Money. We obsess about it in a material sense, but we don’t know much about it on a deeper level. We know it makes the world go ‘round, but do we really understand how? It’s what we want, but why? Coined is a colorful take on the history of money and its meaning in our lives. Kabir Sehgal’s voice and vision are unique products of his sophisticated grasp of the subject—he is both a keen observer of and a high-stakes player in the global economic continuum. Sehgal is an approachable, authoritative guide to an unprecedented interdisciplinary safari, in which readers will learn how money and our intrinsic compulsion to value and exchange is fundamental to our survival. Exploring topics like the ancient Vedic notion of debt, monkeys who understand fruit juice as currency, the neuroscience of gambling, money in art, and many more ideas, Coined mixes stories from the front lines of global currency exchange with extensive, thoughtful research. With often surprising and thought-provoking anecdotes and research, Coined presents an entertaining, multidimensional portrait of currency through the ages.

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    Coined

    11.1 hrs • 3/10/15 • Unabridged
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  4. 14.1 hrs • 2/17/2015 • Unabridged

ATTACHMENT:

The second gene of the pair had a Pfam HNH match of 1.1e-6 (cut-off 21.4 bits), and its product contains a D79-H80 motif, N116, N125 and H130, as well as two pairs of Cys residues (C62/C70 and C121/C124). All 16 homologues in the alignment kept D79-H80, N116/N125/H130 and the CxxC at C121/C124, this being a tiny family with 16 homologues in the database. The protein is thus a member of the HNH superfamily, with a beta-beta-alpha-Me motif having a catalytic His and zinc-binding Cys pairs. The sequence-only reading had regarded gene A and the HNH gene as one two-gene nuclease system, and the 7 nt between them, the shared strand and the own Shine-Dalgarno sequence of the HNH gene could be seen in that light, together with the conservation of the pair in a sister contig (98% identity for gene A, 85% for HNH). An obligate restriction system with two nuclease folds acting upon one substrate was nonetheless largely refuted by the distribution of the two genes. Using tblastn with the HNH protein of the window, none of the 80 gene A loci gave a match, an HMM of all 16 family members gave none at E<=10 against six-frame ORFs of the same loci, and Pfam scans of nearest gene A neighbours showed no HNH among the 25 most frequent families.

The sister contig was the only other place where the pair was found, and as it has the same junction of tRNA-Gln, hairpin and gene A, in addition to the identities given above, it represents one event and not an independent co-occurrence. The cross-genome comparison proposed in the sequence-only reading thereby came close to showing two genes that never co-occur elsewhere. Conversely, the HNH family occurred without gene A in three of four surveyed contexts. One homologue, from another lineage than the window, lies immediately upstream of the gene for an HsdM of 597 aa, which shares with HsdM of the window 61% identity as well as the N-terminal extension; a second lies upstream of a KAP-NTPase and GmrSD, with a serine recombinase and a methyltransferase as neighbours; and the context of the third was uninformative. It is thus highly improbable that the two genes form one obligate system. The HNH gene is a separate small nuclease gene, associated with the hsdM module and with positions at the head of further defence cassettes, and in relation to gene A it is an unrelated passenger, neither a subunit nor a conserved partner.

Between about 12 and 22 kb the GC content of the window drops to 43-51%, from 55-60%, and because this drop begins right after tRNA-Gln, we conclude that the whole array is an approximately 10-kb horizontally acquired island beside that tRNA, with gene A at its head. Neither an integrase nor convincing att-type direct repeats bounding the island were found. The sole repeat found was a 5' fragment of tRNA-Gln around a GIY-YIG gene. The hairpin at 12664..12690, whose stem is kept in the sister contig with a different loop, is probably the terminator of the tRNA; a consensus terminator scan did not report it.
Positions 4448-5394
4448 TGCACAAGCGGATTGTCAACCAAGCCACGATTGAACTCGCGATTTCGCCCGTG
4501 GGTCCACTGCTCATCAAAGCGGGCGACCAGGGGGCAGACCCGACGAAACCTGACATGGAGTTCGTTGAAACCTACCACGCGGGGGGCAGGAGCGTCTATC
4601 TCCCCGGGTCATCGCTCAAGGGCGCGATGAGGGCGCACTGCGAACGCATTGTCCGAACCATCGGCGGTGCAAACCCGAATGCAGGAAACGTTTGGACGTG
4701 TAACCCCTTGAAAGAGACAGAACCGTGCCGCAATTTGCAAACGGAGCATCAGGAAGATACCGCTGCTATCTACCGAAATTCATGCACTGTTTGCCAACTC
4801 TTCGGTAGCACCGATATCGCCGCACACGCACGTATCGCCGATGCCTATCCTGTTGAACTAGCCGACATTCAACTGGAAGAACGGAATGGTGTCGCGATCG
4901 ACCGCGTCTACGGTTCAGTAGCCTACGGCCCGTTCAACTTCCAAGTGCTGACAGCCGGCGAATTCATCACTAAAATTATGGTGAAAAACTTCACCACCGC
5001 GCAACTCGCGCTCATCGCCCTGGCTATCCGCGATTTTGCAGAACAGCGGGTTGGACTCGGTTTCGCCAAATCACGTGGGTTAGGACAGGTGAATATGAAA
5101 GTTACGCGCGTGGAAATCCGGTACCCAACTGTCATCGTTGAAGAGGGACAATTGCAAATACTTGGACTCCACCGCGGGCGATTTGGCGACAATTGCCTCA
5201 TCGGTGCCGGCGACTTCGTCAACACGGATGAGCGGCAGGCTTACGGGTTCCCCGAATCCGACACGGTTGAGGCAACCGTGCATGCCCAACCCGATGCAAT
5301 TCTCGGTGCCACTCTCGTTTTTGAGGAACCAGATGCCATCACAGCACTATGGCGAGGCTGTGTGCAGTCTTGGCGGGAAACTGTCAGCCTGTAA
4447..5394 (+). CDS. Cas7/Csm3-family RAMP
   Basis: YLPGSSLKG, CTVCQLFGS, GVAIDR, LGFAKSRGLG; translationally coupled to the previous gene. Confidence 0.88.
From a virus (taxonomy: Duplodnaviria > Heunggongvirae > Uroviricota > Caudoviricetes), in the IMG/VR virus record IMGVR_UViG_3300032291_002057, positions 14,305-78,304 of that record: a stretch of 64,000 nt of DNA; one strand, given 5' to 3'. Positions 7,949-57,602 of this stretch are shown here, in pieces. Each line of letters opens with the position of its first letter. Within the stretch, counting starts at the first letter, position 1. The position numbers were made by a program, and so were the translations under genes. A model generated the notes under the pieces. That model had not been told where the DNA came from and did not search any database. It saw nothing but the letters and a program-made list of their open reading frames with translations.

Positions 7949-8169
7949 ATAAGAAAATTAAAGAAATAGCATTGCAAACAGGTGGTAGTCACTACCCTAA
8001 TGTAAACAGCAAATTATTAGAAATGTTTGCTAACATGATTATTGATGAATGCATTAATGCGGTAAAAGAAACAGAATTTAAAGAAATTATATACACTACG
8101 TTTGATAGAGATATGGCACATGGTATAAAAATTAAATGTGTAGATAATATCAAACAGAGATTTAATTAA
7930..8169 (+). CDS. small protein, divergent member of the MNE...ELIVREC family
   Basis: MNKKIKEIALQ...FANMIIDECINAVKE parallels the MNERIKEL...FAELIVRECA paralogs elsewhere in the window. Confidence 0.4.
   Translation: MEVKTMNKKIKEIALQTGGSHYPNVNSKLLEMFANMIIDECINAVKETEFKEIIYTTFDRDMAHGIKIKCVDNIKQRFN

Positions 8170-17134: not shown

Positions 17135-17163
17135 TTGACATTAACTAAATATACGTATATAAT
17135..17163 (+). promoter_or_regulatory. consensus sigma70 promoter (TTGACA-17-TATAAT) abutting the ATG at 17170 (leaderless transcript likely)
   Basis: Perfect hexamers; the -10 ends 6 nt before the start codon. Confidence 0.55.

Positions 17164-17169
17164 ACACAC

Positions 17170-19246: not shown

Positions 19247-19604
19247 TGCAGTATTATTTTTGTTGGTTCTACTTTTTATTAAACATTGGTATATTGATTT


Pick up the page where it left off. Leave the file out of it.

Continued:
The meeting of world leaders at Bretton Woods in 1944 was the only time countries from around the world agreed to overhaul the structure of the international monetary system. The system they set up presided over the longest, strongest, and most stable period of growth the world economy has ever seen. At the very heart of the conference was the love-hate relationship between the Briton John Maynard Keynes, the greatest economist of his day, and his American counterpart Harry Dexter White (later revealed to be passing information secretly to Russian spies). Both were intent on creating an economic settlement that would put right the wrongs of Versailles. Both were working to prevent another world war. But they were also working to defend their countries’ national interests. Drawing on a wealth of unpublished accounts, diaries, and oral histories, this brilliant book describes the conference in stunning color and clarity. This is an extraordinary debut from a talented historian.